After slathering up with sun screen, we headed out on the trail. Pretty soon, we were following a rocky descent into the canyon below. Nahal Darja was just up ahead.
Along the way, we paused for some pictures. Sitting at the edge of a rock cliff, we were looking forward to what lay ahead in the deep valley below.
On our way down, we also passed the Muraba’at Caves, where scrolls from the time of the Bar Kochva Revolt were found long ago (including letters written by Bar Kochva himself – now on display in the Israel Museum). We had explored this cave before, so we passed on by.
After one or two sharp descents along hand hold rungs, we were in the bottom of the canyon. Alabaster rock surrounded us in smooth surfaces, shaped by the water that runs through the canyon. We followed the trail towards the first pool of water.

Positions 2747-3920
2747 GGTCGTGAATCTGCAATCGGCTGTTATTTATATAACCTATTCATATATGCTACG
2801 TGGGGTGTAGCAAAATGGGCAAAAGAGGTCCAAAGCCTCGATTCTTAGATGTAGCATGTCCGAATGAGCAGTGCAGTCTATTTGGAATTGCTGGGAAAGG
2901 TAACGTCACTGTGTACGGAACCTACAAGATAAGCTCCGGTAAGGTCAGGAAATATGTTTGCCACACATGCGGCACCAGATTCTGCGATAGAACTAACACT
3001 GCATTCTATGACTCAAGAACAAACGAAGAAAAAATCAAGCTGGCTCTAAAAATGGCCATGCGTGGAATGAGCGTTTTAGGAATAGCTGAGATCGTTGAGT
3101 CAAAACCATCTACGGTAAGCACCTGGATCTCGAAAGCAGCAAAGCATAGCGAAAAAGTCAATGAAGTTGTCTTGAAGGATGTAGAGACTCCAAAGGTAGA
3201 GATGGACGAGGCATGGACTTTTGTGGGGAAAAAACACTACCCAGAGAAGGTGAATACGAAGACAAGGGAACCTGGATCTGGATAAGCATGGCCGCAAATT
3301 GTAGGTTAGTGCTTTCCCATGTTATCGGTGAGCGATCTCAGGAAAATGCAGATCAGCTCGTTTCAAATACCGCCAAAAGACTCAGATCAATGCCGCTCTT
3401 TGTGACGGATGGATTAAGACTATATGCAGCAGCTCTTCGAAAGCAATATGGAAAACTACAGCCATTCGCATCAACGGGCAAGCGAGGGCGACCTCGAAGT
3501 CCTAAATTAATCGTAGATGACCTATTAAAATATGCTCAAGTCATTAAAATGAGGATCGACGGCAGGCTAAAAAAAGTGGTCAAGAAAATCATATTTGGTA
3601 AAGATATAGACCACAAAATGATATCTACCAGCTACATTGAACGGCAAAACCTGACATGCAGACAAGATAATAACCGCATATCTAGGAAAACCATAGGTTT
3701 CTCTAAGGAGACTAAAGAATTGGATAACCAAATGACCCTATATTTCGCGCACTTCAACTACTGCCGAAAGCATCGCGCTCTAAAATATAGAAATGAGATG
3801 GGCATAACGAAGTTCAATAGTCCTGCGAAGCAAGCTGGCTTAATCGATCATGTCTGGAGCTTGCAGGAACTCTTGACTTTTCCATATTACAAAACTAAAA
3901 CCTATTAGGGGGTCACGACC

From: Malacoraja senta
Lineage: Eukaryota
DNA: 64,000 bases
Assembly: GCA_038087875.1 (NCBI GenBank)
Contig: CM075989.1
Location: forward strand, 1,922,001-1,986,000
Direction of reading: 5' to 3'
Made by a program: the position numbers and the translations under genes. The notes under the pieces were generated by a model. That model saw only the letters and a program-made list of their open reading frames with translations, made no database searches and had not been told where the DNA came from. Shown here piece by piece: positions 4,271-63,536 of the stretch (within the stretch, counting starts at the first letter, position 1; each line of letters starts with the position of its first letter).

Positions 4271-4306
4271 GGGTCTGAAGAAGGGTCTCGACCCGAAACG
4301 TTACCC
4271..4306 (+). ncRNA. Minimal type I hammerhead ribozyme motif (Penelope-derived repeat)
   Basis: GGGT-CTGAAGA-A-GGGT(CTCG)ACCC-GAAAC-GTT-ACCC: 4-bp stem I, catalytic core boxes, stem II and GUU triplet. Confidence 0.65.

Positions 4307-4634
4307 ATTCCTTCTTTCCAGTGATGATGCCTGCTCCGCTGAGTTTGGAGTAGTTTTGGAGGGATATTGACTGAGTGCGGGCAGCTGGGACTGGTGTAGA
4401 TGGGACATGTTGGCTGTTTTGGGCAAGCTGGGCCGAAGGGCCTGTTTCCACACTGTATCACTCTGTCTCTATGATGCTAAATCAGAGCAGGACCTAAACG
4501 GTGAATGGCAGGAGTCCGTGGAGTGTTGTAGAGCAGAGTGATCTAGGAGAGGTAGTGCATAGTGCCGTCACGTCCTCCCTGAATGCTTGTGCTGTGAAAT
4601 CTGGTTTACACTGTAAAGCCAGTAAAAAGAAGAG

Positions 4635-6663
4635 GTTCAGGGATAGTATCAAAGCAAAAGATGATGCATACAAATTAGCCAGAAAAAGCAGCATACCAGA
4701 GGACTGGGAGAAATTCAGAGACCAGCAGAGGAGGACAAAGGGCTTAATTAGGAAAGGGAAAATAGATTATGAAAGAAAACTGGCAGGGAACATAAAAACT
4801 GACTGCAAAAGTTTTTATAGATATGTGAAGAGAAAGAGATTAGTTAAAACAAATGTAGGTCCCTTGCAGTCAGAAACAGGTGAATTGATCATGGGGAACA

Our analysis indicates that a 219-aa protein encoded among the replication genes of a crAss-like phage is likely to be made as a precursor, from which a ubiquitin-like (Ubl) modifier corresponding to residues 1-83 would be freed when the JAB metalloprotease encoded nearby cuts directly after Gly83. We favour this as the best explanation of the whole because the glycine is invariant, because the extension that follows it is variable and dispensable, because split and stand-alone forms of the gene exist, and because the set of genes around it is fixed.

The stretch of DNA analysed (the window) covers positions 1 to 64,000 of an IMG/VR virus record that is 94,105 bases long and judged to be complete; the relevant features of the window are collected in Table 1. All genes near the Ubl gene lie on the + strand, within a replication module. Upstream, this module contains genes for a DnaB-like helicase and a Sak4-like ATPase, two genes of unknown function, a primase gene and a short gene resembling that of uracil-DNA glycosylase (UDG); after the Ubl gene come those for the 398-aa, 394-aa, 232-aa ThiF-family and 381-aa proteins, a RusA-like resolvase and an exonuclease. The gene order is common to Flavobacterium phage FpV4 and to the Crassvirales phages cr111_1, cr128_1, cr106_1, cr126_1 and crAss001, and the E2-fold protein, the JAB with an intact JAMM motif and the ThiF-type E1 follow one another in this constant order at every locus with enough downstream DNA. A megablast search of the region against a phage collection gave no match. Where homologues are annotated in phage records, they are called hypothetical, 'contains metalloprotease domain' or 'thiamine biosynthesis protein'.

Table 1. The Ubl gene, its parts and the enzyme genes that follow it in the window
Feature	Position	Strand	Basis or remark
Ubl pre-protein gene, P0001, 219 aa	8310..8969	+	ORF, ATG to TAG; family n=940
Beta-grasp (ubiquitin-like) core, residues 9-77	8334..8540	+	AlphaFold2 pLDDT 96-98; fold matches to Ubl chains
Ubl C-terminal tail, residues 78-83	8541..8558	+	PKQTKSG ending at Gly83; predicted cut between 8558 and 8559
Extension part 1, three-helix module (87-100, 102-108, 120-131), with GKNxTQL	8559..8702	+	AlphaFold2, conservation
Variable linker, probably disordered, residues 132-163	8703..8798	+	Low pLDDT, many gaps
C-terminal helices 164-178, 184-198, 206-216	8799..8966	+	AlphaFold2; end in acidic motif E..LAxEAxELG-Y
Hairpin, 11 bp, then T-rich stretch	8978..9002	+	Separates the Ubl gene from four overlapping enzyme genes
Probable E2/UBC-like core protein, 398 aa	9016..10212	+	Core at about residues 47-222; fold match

Of course, we had gone into this trail expecting to get wet. But that doesn’t make it any easier to take the first plunge! For the first couple of pools, we skirted the sides of the canyon, twisting our bodies into precarious positions in order to steer clear of the water.
Taking the Plunge
And then, all of a sudden, our dry time was over. We reached a beautiful, cold pool of water that we would have to traverse. I tiptoed in, feeling my way along with my feet, wondering just how deep this water would get.
Soon, I was immersed to my shoulders. This was it! We were heading through the standing pools of Darja.